Montesquieu’s "sources" are legion, since they doubtless extend to readings and conversations which are modified en route. The impact of Jean Chardin’s Voyages en Perse, to which he owes most of his information about Persia – which is far from superficial – must of course be recognized; he owned the two-volume edition of 1687 and purchased the extended edition in ten volumes in 1720. To a lesser degree, he drew on the Voyages of Jean-Baptiste Tavernier and Paul Rycaut, not to mention many other works which his vast library afforded him. Everything having to do with contemporary France or Paris, on the other hand, comes from his own experience, and from conversations of anecdotes related to him.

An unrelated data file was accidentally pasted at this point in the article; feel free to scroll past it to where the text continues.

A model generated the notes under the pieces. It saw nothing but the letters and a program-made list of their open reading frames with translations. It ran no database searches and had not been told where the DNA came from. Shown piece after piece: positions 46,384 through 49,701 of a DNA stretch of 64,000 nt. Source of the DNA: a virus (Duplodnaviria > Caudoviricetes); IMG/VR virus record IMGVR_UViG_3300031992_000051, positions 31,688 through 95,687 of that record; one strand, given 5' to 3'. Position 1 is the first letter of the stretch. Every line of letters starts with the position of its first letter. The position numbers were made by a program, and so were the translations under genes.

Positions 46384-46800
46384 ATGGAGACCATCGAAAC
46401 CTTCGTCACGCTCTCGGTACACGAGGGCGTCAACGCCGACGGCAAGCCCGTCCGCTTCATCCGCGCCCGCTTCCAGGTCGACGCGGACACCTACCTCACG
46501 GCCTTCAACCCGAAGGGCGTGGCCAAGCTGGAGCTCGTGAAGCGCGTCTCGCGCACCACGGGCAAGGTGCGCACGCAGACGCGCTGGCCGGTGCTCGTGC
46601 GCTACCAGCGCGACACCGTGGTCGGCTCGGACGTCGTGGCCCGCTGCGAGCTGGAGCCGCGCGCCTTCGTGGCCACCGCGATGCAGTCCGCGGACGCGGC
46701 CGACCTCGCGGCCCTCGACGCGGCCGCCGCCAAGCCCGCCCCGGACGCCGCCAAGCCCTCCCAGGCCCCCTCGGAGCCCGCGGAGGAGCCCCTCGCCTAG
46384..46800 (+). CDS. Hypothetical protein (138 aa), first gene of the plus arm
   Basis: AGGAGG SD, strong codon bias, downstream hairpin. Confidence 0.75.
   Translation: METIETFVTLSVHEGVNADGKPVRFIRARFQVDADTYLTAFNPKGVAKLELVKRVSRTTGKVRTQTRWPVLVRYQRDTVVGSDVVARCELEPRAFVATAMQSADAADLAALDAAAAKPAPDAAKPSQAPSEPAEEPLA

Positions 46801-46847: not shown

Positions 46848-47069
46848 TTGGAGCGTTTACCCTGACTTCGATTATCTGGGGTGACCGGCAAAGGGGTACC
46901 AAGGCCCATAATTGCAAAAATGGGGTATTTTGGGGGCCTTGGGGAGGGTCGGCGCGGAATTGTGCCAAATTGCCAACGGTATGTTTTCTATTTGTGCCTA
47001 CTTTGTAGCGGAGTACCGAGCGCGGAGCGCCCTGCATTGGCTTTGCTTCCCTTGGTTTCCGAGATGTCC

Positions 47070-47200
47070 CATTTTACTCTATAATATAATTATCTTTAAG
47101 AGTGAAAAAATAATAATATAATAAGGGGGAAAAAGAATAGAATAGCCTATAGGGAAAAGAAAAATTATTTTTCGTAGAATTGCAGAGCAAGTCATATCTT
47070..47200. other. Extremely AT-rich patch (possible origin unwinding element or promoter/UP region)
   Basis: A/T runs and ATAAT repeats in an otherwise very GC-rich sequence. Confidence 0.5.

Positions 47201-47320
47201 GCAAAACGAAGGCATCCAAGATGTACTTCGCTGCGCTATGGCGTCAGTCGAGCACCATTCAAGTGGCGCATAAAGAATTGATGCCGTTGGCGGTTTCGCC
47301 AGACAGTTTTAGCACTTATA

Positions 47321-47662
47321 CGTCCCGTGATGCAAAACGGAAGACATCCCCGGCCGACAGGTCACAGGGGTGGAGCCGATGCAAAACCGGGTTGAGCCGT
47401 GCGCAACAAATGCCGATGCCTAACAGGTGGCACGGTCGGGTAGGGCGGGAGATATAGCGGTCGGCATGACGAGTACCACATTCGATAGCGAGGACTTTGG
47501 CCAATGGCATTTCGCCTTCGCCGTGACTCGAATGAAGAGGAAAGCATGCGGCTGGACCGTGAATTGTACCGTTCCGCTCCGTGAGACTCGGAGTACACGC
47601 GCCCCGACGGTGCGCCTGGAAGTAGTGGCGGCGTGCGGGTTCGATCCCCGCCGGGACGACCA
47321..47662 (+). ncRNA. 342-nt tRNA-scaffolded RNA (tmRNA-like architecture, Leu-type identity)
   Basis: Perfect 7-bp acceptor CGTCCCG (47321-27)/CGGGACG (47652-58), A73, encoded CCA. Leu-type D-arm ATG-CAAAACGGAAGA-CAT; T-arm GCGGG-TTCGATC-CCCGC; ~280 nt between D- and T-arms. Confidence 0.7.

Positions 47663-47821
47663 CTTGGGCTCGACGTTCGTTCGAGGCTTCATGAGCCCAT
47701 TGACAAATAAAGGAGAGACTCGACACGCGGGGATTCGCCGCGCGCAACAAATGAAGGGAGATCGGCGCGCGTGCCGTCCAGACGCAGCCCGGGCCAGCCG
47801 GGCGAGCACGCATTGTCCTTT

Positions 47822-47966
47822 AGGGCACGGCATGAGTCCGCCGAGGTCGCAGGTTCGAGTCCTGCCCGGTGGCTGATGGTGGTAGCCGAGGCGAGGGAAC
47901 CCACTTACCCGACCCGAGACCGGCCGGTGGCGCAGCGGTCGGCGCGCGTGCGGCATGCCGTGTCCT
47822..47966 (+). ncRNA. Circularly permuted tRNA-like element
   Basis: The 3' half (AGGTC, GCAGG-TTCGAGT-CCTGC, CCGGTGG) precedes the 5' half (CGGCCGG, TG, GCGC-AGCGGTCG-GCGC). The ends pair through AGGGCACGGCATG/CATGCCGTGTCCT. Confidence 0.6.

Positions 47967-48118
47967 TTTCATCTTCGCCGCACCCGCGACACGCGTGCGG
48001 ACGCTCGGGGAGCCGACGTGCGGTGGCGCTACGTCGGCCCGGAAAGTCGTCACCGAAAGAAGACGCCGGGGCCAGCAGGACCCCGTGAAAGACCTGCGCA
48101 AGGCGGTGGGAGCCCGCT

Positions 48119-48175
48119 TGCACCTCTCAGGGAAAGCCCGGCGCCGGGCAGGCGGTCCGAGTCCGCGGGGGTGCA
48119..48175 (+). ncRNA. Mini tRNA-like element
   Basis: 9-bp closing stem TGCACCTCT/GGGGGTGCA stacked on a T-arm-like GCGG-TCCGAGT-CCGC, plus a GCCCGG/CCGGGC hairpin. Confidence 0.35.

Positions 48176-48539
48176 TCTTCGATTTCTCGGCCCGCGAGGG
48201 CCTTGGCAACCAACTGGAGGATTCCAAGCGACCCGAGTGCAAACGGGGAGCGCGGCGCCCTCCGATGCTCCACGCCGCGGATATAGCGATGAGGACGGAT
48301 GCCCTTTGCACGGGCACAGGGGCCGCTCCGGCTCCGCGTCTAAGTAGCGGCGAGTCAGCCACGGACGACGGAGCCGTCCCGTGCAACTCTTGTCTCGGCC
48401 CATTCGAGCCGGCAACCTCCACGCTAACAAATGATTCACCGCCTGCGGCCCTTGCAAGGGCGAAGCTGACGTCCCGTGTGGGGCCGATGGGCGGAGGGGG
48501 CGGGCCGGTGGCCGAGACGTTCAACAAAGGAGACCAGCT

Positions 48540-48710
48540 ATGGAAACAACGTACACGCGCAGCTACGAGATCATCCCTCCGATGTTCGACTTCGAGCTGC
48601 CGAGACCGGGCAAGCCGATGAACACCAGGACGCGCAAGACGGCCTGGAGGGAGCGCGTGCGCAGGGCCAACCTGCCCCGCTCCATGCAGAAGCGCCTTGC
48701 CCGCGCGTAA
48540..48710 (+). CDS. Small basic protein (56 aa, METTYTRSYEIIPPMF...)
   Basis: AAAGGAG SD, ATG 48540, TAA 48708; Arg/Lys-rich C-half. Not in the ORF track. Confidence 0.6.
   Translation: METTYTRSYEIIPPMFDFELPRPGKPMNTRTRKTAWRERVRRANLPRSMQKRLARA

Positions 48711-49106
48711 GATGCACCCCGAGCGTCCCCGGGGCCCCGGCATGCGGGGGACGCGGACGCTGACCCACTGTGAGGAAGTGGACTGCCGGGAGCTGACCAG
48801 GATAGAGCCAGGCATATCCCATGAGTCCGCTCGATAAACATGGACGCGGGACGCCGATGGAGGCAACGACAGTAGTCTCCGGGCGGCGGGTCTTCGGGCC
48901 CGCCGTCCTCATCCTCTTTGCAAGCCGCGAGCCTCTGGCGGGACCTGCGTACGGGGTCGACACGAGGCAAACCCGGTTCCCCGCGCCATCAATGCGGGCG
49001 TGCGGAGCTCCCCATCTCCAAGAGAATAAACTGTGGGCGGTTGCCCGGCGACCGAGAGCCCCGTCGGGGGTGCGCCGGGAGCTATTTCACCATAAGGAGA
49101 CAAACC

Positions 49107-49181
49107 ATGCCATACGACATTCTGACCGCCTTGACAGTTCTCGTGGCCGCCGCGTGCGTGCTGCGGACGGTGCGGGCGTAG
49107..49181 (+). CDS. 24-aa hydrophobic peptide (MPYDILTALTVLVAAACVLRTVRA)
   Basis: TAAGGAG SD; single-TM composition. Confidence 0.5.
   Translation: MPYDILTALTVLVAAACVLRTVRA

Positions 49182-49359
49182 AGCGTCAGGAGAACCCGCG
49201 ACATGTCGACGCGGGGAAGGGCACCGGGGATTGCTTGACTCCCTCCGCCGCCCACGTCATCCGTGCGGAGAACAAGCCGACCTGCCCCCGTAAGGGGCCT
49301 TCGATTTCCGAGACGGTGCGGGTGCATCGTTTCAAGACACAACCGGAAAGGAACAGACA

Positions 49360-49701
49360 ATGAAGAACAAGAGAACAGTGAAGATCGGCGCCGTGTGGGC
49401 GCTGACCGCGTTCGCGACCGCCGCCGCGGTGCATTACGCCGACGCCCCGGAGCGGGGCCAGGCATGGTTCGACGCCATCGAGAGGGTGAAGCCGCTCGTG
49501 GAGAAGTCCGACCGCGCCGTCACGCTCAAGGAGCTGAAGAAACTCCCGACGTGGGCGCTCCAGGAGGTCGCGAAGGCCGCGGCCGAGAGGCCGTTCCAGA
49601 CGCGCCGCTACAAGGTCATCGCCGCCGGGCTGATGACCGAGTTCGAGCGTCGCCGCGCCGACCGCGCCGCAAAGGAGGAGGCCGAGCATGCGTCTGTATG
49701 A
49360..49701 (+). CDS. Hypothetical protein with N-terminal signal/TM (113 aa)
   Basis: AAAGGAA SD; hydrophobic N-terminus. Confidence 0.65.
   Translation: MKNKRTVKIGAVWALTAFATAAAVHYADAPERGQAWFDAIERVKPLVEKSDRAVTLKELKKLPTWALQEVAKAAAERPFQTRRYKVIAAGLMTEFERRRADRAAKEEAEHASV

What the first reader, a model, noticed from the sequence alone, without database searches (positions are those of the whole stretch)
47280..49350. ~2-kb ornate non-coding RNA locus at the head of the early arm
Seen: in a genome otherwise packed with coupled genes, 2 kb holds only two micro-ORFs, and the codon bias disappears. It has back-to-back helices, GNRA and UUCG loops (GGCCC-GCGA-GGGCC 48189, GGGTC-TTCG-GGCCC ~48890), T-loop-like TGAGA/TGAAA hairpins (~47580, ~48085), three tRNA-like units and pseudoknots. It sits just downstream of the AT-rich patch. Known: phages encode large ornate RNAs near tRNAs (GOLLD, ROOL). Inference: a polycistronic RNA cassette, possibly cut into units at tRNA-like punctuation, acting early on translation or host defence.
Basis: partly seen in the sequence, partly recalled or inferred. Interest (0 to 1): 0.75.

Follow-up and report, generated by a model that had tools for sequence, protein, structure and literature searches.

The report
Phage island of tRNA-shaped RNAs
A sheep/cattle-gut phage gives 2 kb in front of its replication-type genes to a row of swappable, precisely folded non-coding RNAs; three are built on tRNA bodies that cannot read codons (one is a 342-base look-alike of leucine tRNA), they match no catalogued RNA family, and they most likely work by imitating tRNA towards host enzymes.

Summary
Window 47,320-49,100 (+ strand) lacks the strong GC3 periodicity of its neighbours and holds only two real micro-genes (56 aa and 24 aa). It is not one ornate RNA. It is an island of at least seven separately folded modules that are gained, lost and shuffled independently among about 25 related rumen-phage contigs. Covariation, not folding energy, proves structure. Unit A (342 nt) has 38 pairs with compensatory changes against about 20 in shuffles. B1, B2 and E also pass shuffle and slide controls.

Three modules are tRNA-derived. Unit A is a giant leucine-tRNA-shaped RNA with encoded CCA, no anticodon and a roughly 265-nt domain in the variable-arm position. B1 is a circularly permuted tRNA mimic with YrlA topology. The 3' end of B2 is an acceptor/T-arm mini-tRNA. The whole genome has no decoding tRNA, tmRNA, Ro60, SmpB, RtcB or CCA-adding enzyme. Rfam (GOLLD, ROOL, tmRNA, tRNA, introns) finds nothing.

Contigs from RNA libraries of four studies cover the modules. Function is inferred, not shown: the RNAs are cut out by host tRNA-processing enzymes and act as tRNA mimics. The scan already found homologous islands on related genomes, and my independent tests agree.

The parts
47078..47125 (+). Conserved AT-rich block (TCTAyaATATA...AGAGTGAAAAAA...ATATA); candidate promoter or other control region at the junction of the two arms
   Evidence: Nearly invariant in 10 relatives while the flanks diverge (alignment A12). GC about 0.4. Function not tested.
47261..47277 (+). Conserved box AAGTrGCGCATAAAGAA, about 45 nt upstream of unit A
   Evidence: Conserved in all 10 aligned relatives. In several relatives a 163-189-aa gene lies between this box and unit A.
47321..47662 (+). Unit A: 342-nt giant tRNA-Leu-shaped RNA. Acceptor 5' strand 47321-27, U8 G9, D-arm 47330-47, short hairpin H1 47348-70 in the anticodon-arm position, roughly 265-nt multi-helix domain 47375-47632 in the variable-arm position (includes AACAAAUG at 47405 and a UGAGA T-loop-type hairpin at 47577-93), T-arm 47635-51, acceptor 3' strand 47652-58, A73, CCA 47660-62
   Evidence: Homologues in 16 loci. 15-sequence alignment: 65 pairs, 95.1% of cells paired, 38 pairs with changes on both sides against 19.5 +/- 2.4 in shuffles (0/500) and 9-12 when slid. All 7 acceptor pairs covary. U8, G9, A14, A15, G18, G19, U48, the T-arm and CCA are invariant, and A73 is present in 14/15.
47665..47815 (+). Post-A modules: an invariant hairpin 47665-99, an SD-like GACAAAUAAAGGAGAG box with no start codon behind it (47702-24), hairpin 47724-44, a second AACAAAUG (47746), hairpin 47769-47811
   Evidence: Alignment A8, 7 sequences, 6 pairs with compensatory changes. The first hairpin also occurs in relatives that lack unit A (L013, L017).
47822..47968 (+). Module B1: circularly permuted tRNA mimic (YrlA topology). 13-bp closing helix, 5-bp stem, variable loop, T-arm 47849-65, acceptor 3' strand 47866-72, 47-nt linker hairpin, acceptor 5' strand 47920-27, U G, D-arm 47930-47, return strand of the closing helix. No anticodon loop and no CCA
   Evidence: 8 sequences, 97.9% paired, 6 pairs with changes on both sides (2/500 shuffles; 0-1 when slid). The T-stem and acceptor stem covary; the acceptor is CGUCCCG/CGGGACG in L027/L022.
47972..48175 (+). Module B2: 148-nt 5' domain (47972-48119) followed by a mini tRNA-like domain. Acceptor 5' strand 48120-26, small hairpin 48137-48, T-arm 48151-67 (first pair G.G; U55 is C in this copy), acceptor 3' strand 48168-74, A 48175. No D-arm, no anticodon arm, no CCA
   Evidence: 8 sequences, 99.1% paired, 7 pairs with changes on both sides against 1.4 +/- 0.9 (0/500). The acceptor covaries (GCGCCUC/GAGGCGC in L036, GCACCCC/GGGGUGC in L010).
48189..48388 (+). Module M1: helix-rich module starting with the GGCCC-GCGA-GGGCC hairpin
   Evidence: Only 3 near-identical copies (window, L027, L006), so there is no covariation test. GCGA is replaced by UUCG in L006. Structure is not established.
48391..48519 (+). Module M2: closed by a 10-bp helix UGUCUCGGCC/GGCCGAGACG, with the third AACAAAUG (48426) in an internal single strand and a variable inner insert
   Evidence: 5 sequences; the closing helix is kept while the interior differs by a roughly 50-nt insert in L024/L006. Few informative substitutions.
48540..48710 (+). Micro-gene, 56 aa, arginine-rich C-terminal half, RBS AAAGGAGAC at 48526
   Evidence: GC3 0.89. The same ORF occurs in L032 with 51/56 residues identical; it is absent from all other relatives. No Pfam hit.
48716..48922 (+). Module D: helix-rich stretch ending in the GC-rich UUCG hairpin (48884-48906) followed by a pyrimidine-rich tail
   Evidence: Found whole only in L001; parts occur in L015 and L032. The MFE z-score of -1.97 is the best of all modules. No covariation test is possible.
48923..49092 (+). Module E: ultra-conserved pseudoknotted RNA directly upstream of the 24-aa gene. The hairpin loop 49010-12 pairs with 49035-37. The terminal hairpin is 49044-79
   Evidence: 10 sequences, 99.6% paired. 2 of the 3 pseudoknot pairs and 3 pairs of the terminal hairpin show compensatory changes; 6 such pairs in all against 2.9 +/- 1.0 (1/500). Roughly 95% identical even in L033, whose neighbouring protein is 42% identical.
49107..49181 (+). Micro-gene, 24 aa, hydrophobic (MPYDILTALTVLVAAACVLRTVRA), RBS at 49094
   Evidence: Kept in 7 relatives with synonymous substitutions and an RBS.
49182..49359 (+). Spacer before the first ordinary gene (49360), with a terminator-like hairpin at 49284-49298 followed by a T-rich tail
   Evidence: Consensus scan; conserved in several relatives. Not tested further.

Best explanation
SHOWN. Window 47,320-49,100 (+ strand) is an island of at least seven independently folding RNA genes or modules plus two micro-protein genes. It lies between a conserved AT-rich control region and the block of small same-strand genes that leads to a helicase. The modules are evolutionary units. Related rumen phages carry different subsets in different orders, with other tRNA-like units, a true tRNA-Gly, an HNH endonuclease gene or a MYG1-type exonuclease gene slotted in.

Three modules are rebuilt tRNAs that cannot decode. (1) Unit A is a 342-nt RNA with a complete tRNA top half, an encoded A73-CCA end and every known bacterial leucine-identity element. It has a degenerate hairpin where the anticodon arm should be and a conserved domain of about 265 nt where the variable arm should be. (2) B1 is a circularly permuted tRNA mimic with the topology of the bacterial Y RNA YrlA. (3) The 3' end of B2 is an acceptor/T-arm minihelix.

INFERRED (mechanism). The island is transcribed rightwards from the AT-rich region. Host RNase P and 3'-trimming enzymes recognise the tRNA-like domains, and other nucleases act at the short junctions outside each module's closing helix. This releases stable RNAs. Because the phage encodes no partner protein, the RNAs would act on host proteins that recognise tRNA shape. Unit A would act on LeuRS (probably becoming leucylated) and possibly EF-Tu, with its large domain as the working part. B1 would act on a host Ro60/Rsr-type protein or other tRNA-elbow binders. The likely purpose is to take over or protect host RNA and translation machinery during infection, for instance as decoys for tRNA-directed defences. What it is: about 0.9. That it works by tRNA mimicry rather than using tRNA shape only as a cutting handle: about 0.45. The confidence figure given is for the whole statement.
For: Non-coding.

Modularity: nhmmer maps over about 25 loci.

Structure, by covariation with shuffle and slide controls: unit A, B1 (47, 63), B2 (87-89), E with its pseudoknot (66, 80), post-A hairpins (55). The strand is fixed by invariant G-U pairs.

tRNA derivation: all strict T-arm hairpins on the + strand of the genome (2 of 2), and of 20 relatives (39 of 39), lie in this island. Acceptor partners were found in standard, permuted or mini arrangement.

Various aspects of the book are doubtless indebted to particular models, of which the most important is Giovanni Paolo Marana’s L’Espion dans les cours des princes chrétiens (Letters Writ by a Turkish Spy), widely known at the time, even though Montesquieu’s characters obviously are Persians and not Turks. While the great popularity of Antoine Galland’s Mille et Une Nuits (The Arabian Nights) contributes, as do the Bible and the Qu’ran, to the general ambiance of oriental subjects, in fact it has almost nothing in common with the Lettres persanes.